The German-Irish Chamber can provide access to local representation as well as legal and taxation information from local specialists with up-to-date knowledge and expertise.
Our Chamber offers a comprehensive legal advisory service in conjunction with our member firms who specialize in a wide range of legal and taxation areas. We act as a liaison between our clients and the relevant advisors, providing a convenient 'one-stop shop' for our members and their queries. The service is provided in either English or German as preferred.
|The Chamber can assist you in all aspects of the formation and setup of your company in Germany and Ireland, completed in as little as 3 weeks, from choosing the right legal form for you, to registering your company and meeting all tax and legal requirements. (for further info see Company Formation)
|Contract of employment
Would you like to draw up an employment contract for your new employee? We will advise you which minimum requirements the contract is subject to, which notice periods you must observe and what the minimum wage and minimum working hours are. In both Germany and Ireland the average maximum number of working hours per week is 48, however the rates of minimum wage differ. In Germany minimum wage is €9.35, while in Ireland the minimum for any worker over 20 years old is €10.10. Furthermore, sector specific minimum wages exist in both countries, with the min. wage for construction workers in Germany being for example €12.55. In Ireland however, these sectoral wages are no longer legally binding on employers following a recent decision of the Irish High Court (Náisiúnta Leictreach Contraitheoir Eireann -v- The Labour Court).Although EU directives have harmonised many areas of European labour law, there are still many differences between Germany and Ireland. We draw your attention to these.
|Commercial agent contract
|If you appoint an Irish commercial agent it should be considered which law applies. It should be borne in mind that although the EC Directive on Commercial Agents has been fully implemented in Ireland, it has not been fully harmonised with German law. We explain the main differences between German and Irish commercial agency law. We can tell you which notice period applies and whether the commercial agent is entitled to compensation. You can also obtain from us a bilingual commercial agency contract under German law, which could form the basis for negotiation between you and your new business partner.
|Our services are provided on a fee basis. If you submit your question by e-mail, we will send you a quotation immediately. If we cannot help you, we will name suitable member firms.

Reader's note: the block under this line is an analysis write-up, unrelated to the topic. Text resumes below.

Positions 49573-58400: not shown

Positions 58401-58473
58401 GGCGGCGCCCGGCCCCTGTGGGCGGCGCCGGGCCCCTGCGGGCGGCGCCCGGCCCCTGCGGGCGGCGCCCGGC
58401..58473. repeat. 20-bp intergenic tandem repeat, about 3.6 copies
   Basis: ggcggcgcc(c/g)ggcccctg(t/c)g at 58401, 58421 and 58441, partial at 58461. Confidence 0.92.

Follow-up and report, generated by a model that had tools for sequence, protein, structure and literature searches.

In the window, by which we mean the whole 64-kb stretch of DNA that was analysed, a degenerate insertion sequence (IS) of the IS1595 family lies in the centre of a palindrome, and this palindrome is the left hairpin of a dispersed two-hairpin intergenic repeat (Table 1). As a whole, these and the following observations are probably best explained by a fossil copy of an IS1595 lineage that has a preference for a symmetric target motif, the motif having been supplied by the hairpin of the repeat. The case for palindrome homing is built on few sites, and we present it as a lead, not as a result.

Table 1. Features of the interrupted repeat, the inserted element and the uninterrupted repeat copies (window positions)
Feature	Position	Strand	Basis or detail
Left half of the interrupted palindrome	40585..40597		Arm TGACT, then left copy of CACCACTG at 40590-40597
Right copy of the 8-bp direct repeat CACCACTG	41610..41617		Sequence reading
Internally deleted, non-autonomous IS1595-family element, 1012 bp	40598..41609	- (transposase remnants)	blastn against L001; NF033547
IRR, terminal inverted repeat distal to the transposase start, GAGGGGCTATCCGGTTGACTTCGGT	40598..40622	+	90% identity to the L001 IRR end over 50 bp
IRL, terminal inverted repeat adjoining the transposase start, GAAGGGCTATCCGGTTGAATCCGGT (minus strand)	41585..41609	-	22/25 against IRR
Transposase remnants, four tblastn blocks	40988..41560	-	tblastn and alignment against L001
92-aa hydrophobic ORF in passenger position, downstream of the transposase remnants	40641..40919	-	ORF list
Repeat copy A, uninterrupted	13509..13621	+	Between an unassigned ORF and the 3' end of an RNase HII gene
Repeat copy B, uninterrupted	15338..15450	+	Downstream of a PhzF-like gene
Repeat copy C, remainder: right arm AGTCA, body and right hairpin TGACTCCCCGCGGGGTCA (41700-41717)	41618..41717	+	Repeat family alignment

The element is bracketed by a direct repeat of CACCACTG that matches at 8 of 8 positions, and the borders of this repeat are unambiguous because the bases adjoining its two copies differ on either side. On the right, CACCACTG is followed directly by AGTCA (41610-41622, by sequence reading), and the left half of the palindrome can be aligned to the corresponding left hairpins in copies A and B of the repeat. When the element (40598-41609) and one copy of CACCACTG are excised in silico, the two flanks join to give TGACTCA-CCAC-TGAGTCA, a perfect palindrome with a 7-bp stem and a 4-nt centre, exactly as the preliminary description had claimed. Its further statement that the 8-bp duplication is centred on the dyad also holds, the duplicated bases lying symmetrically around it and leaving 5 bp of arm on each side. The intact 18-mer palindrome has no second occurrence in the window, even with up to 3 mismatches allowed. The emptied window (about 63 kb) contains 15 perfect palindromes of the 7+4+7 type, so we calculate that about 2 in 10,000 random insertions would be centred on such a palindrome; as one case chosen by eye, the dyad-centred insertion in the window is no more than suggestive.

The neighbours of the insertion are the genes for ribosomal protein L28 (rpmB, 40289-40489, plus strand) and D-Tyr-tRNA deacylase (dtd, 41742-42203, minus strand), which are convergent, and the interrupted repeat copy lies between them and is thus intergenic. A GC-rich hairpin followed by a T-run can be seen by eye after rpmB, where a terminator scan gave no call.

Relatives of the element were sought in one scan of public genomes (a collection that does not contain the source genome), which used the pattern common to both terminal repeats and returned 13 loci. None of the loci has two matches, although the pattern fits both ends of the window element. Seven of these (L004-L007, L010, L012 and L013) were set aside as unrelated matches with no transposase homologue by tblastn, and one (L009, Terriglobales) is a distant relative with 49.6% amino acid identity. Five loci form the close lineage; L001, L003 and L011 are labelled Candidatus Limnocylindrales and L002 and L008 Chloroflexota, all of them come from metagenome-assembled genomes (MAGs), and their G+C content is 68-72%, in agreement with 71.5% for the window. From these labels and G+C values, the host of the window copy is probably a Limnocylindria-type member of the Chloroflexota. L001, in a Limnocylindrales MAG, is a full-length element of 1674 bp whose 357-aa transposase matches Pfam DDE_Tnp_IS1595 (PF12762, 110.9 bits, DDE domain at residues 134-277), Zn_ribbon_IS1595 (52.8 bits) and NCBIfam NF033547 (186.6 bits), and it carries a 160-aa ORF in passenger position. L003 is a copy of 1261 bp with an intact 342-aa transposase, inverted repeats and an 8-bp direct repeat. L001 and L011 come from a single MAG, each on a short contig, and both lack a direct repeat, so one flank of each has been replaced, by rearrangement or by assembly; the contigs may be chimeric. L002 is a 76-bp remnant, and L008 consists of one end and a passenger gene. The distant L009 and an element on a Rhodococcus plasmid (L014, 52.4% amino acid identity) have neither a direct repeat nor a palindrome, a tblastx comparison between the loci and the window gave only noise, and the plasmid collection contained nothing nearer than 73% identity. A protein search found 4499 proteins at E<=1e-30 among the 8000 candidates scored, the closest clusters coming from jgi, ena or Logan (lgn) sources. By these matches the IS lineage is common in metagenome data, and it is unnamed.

Certificates of Registration and Credit reports
Certificates of Registration
Copies of the Certificates of Registration for Irish Ltds and Plcs can be requested from the Companies Registration Office.
The Certificate of Registration contains the following information:
- Registered office (necessary for launching any litigation against another company)
- The directors and authorised representatives of the company
- End of year accounting sheet
- The name of the administrator tasked with the winding-up of the company in case of an insolvency
- Notice of dissolution of the company
The German-Irish Chamber can obtain credit reports for you. They can be obtained from all corporate entreprises (ltd or plc) with an office in Ireland. Credit reports are in English and contain a summary and evaluation of the official credit information of the company. The following details are also included:
- Classification of different risk factors
- Details of monthly credit conditions
- Benchmark of company results with branch average
- Number of employees
- Bank details
Citzens from Non-EU States require a Visa when travelling to Ireland. More information on this can be obtained from your respective national consulate or Embassy.
Should an employer wish to employ a Non-EU citizen in Ireland, they must first show proof of search for potential employees from EU member state countries. If this search is unsuccessful, the position may be offered to a Non-EU citizen.
Before commencing employment in Ireland, employees from Non-EU States are required to posess a valid work permit, which is issued from the Department of Enterprise (Section: Trade and Employment). Work Visas are also necessary and they are supplied from your respective Embassy in conjunction with the the Department of Justice.
The 'Van-der-Elst-Visum' provides another possibility for employees to work in Ireland for a short period of time. This can be obtained from your respective consulates or embassies in your home country or in Ireland.
The DEInternational Offer
We would be delighted to inform and advise you on the new conditions for work permits. Furthermore we can provide you with assistance in dealing with official organizations and finding suitable contact people.